And week 3 comes to a close. I’m thrilled to report that these past 13 days of school have been filled with community building: morning handshakes, high fives, hugs, quilt-making, story-sharing, game-playing, self-portraiting, and appreciating. Of course, that’s been mixed with our fair share of bumping, tripping, mean words, snatching, and yelling. But we’re working on actively responding to our inevitable mistakes. The message being that we all make them, and we are lucky to have opportunities to recognize them, fix them, and learn from them. (Side note: I was in my classroom this afternoon, and I heard one of my kids tantruming in the after-school program. I don’t know what the initial incident was, but I can infer that this child did something disruptive and was then asked to sit out from the activity. His response was to wail, “I made a mistake!! But it was a mistake!! I want to fix it!!”)
Last Friday we had a class conversation about what jobs students can do to help our classroom run smoothly and safely. The kids came up with 8 ideas, and I asked them to spend the next week thinking about who should do which job. How should we decide?
We returned to the conversation today. Last year, I randomly assigned kids to jobs and I rotated them a couple of times per month. This worked fine, but there wasn’t much buy-in from anyone. This year, I wanted to figure out a way to give kids more control over the filling of jobs, and I wanted to make the entire process more intentional. But of course I also didn’t want to end up with a messy, angry conversation filled with “I want” and “That’s not fair” and and and.
I opened the conversation by reminding the kids that we have been really getting to know each other over the last 3 weeks, and I gave some examples of activities that have helped us do that. I then posed the question of whether anyone had noticed something about another student that showed that he or she would be a great fit for one of our jobs. The kids ran with it. There were lots of nominations for OTHER kids! Quite amazing for our young friends who are still largely egocentric. “I think that Alejandro should be the pledge leader because this morning I was standing next to him during the pledge and he said the whole thing.” (Another side note: I’m so glad that I can hand over the job of pledge leader to a student.) “I think that Desiree should be a Teacher Helper because she listens a lot.” “I think that Markus should be a chair put-er up-er because he is really careful.”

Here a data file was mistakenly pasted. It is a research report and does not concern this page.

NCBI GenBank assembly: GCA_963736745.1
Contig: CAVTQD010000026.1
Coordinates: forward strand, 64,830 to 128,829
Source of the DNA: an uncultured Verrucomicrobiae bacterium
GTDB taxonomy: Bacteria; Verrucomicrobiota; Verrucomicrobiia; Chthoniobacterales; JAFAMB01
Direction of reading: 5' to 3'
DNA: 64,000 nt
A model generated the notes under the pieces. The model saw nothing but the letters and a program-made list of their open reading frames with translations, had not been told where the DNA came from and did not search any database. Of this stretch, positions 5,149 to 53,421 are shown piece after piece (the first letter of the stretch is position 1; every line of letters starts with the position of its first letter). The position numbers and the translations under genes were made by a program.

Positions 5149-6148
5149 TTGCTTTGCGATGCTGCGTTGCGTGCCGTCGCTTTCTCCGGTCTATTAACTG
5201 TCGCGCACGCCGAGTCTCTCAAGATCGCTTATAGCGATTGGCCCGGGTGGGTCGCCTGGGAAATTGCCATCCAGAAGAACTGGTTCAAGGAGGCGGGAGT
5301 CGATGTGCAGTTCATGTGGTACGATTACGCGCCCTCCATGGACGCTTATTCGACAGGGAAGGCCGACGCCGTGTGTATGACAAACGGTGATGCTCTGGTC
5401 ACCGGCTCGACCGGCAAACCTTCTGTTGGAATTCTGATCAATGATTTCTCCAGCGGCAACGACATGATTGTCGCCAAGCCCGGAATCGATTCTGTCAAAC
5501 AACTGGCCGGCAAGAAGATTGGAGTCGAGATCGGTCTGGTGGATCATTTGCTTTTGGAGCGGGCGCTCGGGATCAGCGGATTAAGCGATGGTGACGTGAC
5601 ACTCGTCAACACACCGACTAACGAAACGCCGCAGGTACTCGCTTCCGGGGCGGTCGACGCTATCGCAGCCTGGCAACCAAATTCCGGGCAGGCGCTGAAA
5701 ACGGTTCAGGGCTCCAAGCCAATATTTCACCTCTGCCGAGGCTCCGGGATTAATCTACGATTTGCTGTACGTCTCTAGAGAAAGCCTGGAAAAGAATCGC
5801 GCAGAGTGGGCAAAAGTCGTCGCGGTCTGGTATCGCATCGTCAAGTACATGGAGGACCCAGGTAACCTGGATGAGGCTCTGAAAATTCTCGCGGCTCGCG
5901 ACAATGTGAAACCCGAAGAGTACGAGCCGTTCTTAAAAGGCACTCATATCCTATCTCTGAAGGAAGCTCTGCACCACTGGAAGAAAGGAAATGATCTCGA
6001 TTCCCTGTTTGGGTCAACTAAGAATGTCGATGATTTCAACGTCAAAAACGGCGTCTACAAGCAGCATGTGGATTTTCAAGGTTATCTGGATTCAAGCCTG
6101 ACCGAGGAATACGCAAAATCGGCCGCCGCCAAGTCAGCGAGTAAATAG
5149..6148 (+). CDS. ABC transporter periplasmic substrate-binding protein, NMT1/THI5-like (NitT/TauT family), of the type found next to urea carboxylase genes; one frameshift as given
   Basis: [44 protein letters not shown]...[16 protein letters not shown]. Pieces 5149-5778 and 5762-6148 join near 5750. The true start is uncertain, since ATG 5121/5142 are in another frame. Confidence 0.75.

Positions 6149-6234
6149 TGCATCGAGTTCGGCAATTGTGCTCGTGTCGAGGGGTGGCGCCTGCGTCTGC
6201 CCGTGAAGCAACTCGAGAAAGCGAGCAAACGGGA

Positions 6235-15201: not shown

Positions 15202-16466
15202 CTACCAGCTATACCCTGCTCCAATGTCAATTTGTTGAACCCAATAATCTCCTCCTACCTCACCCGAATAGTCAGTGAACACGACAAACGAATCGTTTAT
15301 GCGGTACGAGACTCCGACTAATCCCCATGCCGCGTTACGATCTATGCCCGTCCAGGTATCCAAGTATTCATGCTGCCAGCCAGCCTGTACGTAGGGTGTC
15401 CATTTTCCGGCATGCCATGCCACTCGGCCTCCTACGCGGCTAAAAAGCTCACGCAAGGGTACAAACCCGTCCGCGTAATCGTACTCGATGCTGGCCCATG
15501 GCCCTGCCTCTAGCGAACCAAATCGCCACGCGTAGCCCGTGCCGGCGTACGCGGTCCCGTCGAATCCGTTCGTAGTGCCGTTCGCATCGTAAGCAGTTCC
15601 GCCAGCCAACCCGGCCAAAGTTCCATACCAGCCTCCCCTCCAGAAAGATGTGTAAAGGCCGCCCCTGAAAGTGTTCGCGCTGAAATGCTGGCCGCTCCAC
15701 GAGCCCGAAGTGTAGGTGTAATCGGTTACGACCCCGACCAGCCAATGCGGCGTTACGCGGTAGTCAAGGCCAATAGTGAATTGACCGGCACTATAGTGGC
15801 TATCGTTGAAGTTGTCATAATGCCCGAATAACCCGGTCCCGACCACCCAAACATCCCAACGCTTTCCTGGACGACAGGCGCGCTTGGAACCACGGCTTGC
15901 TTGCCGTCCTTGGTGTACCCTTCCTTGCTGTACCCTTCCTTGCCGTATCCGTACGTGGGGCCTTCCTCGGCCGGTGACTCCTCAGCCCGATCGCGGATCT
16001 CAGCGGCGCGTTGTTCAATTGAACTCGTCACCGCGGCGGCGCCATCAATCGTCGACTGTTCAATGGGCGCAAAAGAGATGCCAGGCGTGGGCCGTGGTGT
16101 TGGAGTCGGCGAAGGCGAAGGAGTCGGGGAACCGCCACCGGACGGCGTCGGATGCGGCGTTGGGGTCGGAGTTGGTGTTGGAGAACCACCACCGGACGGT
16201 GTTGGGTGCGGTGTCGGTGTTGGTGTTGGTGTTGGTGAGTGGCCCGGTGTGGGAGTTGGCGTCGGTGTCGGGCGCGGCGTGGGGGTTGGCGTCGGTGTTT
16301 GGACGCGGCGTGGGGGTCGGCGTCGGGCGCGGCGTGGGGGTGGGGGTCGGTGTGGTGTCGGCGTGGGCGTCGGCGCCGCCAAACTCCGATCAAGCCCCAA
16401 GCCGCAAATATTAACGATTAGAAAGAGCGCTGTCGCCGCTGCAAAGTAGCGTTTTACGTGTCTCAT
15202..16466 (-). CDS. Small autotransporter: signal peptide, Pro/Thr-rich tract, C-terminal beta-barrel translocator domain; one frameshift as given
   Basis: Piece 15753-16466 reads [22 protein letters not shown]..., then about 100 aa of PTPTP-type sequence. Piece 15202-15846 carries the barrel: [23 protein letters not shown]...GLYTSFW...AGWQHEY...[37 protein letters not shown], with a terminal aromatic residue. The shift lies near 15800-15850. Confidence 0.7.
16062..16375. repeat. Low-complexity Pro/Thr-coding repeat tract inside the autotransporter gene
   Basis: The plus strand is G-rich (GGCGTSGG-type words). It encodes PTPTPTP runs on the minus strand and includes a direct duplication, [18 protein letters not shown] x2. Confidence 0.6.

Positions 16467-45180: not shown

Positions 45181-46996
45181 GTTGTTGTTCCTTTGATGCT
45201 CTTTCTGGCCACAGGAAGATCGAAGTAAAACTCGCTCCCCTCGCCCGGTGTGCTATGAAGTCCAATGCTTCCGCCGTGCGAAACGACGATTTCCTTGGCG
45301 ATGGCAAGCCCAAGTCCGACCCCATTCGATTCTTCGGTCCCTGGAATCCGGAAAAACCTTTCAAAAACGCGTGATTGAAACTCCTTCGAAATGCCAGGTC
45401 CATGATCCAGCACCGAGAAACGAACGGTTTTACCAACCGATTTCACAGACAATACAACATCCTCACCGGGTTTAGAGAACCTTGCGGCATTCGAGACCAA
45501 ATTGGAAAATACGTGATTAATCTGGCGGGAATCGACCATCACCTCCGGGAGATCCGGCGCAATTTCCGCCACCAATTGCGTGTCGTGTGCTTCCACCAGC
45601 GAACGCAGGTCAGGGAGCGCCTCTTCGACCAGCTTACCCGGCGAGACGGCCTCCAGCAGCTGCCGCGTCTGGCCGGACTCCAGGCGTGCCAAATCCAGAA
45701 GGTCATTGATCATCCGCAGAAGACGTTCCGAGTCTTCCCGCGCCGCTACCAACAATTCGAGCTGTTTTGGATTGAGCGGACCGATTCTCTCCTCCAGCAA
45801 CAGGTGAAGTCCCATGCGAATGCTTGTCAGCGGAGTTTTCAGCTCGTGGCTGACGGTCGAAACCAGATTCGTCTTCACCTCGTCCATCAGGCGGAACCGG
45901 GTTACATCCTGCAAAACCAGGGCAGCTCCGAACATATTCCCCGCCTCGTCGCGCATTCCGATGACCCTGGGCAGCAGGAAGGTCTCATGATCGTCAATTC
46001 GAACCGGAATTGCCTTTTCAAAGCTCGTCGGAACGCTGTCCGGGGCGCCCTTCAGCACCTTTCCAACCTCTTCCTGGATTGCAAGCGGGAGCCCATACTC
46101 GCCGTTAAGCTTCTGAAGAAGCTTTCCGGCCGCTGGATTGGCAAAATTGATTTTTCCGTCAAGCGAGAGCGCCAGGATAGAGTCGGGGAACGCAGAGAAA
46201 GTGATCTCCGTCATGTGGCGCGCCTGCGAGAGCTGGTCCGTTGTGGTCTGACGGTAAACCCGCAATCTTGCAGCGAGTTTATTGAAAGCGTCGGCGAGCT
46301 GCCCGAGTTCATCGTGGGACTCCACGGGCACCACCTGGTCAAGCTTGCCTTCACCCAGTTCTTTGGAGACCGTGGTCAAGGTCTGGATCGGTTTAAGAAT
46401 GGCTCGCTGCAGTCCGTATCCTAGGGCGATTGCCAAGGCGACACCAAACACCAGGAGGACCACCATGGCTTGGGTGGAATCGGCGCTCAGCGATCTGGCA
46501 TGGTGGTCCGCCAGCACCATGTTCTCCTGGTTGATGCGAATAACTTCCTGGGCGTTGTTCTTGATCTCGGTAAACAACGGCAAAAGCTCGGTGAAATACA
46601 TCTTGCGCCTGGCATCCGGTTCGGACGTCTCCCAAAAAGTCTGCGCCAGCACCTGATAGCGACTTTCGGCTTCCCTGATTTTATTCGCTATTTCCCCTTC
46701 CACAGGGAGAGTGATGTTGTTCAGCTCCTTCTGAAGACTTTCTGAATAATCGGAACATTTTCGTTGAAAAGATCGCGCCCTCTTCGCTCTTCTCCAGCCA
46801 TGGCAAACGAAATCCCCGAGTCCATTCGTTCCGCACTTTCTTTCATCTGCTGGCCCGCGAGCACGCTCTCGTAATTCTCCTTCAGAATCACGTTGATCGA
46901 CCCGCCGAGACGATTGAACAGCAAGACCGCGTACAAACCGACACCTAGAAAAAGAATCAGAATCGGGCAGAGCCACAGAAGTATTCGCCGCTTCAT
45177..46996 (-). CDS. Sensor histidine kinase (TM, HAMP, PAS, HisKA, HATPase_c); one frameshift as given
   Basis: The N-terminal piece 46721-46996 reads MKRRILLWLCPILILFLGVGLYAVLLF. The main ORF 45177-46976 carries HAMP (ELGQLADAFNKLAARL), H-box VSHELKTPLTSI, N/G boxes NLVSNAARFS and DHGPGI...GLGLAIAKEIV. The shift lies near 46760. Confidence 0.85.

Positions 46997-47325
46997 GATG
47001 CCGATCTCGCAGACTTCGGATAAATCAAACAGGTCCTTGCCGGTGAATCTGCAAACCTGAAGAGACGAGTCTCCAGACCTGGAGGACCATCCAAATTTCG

We decided on most of the jobs this way, and then there were a few jobs left, so we opened it up to self-nominations. One boy said, “Well, I really want to be peace-keeper because when people are arguing it really makes me sad and it’s hard to concentrate so I can help them and I even tried to do that already this year.” One girl said, “I want to be lunch cleaner because I help my grandma clean.” Each time, I posed the question to the group of whether the self-nominating student’s reasoning seemed sufficient. There were a few questions along the way, but in the end, all jobs were filled.
And the amazing part: NO ONE, not one kid, ended the conversation upset. Some kids didn’t get jobs this time. Some kids didn’t want them. A few might not have fully understood the conversation. Regardless, I think that the transparency of the process made all of the kids feel as if they had been treated fairly. Voices were heard. Power to the [little] people!